I don't understand how turn based games keep managing to get it so wrong when they have relatively good examples to steal from. Between Fallout and X-Com, a lot of the bases are covered in terms of what works and what doesn't work. Of course as I say that, Unreal Defense Squad isn't following that mold exactly either. Part of this isn't my choice - there are limitations to taking an engine for a first person shooter and chopping it into time units. Part of them are my opinion, like the feeling that turn based games needlessly hide under complicated menus and interfaces. I'm trying to make a turn based tactics game that still has a bit of shooter's soul to it. One that you can pick up quickly and play quickly.
But it's also disappointing to see this because turn based games have gotten such a bad rap for so long. Real time is just so darned trendy and it's easy to think of it as the natural evolution of Turn Based Strategy, but they're really completely different fish. I'm not going weigh one against the other - but I've played both and they don't feel like playing an advancement over the other. They seem like completely different games to me. TBS has room to advance in many ways that have nothing to do with throwing out turns themselves, but as long as we keep getting titles like this, it will continue to be the ugly stepchild of strategy gaming.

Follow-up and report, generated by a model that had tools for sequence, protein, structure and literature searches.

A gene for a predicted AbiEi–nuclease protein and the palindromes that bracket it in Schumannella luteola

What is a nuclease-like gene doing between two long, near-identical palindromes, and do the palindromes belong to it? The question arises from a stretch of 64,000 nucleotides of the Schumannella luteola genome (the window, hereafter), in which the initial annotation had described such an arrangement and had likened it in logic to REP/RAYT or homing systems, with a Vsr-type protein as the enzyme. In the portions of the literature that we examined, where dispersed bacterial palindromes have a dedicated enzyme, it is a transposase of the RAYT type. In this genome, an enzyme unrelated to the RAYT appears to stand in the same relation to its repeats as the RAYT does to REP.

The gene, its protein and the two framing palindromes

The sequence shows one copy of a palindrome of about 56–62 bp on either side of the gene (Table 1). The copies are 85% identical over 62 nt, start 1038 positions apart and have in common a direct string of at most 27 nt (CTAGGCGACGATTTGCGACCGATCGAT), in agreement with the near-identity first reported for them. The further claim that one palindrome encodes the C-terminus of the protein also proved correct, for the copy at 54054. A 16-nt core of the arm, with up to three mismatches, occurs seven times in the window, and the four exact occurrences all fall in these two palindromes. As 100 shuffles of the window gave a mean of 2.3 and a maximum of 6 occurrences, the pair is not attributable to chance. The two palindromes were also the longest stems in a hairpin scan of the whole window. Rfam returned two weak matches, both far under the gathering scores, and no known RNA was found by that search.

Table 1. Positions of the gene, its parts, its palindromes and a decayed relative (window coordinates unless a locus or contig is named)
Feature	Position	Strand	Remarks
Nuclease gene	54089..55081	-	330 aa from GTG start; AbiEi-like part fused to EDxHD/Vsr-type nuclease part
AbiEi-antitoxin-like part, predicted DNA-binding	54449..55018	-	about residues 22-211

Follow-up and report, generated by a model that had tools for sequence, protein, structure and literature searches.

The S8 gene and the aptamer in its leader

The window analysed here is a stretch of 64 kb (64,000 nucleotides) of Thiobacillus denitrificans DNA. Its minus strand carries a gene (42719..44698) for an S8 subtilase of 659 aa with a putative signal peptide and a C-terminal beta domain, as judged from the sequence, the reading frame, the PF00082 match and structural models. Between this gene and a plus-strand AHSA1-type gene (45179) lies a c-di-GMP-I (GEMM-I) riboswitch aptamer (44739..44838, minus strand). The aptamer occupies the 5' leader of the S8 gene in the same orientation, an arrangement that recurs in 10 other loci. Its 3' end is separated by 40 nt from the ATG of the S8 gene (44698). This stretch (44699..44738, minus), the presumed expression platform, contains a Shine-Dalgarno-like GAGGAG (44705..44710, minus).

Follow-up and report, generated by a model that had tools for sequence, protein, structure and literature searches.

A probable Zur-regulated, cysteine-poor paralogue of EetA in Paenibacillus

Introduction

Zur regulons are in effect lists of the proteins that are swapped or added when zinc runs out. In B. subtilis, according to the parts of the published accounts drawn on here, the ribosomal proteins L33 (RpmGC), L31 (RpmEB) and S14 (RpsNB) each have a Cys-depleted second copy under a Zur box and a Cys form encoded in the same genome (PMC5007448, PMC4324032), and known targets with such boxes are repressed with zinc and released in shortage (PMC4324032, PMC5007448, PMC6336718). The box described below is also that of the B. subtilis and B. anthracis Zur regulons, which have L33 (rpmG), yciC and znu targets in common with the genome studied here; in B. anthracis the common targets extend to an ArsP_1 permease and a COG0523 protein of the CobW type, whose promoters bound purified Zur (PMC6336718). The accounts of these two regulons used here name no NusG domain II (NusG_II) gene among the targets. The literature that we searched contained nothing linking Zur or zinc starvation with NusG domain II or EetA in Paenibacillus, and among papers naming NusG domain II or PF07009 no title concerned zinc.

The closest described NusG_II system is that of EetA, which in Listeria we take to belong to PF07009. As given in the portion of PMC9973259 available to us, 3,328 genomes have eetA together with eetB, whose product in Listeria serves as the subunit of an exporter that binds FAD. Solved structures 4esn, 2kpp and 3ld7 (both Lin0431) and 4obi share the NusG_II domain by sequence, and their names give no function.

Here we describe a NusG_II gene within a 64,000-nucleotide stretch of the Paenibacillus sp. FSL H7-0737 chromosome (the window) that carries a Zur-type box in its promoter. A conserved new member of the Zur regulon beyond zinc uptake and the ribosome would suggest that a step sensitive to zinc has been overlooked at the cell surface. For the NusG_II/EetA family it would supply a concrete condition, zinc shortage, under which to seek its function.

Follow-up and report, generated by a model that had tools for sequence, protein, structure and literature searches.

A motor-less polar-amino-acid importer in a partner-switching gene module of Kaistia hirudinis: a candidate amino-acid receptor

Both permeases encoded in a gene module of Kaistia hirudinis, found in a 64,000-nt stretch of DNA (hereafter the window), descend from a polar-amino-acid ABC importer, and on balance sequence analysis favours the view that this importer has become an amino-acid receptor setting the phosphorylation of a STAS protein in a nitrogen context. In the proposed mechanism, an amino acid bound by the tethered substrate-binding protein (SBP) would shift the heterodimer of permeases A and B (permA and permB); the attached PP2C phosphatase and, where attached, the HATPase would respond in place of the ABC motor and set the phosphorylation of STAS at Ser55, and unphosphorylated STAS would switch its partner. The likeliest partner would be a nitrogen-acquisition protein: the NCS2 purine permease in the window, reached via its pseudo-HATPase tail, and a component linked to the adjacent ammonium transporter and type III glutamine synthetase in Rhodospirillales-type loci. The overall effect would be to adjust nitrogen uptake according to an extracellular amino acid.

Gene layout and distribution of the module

Monday, January 31, 2005
Call it kismet, but shortly after my desire for a portable and social gaming platform that I could develop for without taking out a loan of my house (which would be interesting to say the least, since I don't own it and only pay rent for the first floor), I have an online discussion with someone about some C++ functionality. Knowing most people only via Unrealscript, I asked what he was doing - and he was developing for the Tapwave Zodiac.
I remember the Zodiac coming out and I kinda remember thinking about getting one. Then it sorta came and I never heard about it and through pure lack of peer pressure I more or less forgot about it. I'm a bad boy. I ended up getting a Game Boy Advance. Seriously, I suck.